Humane’s Ai Pin Could Break From Sweat, Mist, or Condensation

Guess you’re not using the Ai Pin by the pool, at the beach, or in the rain.

A white and silver Humane Ai Pin in a person's hand

Before general preorders for Humane’s hyped Ai Pin open up on November 16, there’s one detail you should know before you buy: the smartphone-replacing, laser-projecting, AI-talking wearable isn’t waterproof.

According to a Humane support page: “For optimal performance, your Ai Pin and power accessories should not be exposed to water.” An earlier version of the page reportedly offered more details according to Reddit user r/jackylegz42. “This includes condensation, splashing, mist, and perspiration. Doing so would risk damage to your device and may void your warranty.” Humane seems to have removed the reference, though.

You would think a device that’s designed to be worn — on your chest — where you sweat (apologies if you don’t) would have liquid protection, but it apparently doesn’t? Humane doesn’t list any kind of IP rating for the Ai Pin, which does suggest that the device isn’t protected against liquids or moisture, or has very little of it. The lack of an IP rating could also mean the Ai Pin has no dust resistance as well; there’s nothing on Humane’s site that claims it is.

So, you can’t use the Ai Pin in the rain?


If it’s true that the Ai Pin can be damaged from perspiration or mist, you can bet good money there will be backlash. It’s also going to limit where you can use the Ai Pin, certainly not by a pool, at the beach, or in the rain. Pretty much all smartphones have some kind of IP rating for water and dust resistance, and if not any official IP rating, then some kind of unofficial splash resistance. “It doesn't rain in California,” joked one Reddit user. “It should be at least water resistant so you won't worry during outdoor in rainy season,” said another Redditor.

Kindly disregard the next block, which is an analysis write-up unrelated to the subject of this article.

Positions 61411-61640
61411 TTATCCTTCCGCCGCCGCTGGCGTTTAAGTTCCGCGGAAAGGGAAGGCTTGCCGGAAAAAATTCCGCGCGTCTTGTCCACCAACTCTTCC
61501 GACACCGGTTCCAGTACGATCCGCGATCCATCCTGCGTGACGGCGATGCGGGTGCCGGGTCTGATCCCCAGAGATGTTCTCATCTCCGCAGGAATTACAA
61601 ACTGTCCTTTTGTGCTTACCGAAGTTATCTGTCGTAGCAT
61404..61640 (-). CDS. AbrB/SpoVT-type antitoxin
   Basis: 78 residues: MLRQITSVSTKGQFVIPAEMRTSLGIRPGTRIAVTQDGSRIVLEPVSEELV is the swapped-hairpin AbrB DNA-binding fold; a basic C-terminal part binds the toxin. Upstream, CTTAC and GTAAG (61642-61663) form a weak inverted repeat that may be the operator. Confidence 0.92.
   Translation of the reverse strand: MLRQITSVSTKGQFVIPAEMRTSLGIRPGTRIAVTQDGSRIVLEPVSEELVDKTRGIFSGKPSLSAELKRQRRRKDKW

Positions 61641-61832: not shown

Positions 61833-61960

A $699 price tag (for the all-black version; $799 for the other two colors) on a device that has no screen and no apps (for better or worse) that’s also not sealed against water might be a tough sell. For the same money, you could get an iPhone 14 with an IP68 rating.

Don’t get me wrong: the Ai Pin is still wildly exciting to me and, like Google Glass, I can’t wait to try it out. But more and more of its shortcomings are starting to bubble up which gives me pause. Like the fact that you can’t transfer your existing phone number to the Ai Pin; you’ll need a new one. Or the fact that the AI in the device’s Cosmos operating system (built on top of Android) returned two incorrect answers in the product’s launch video. Maybe these are just first-gen quibbles that will be corrected in the second version, but something as simple as water resistance feels like table stakes for a gadget this expensive.

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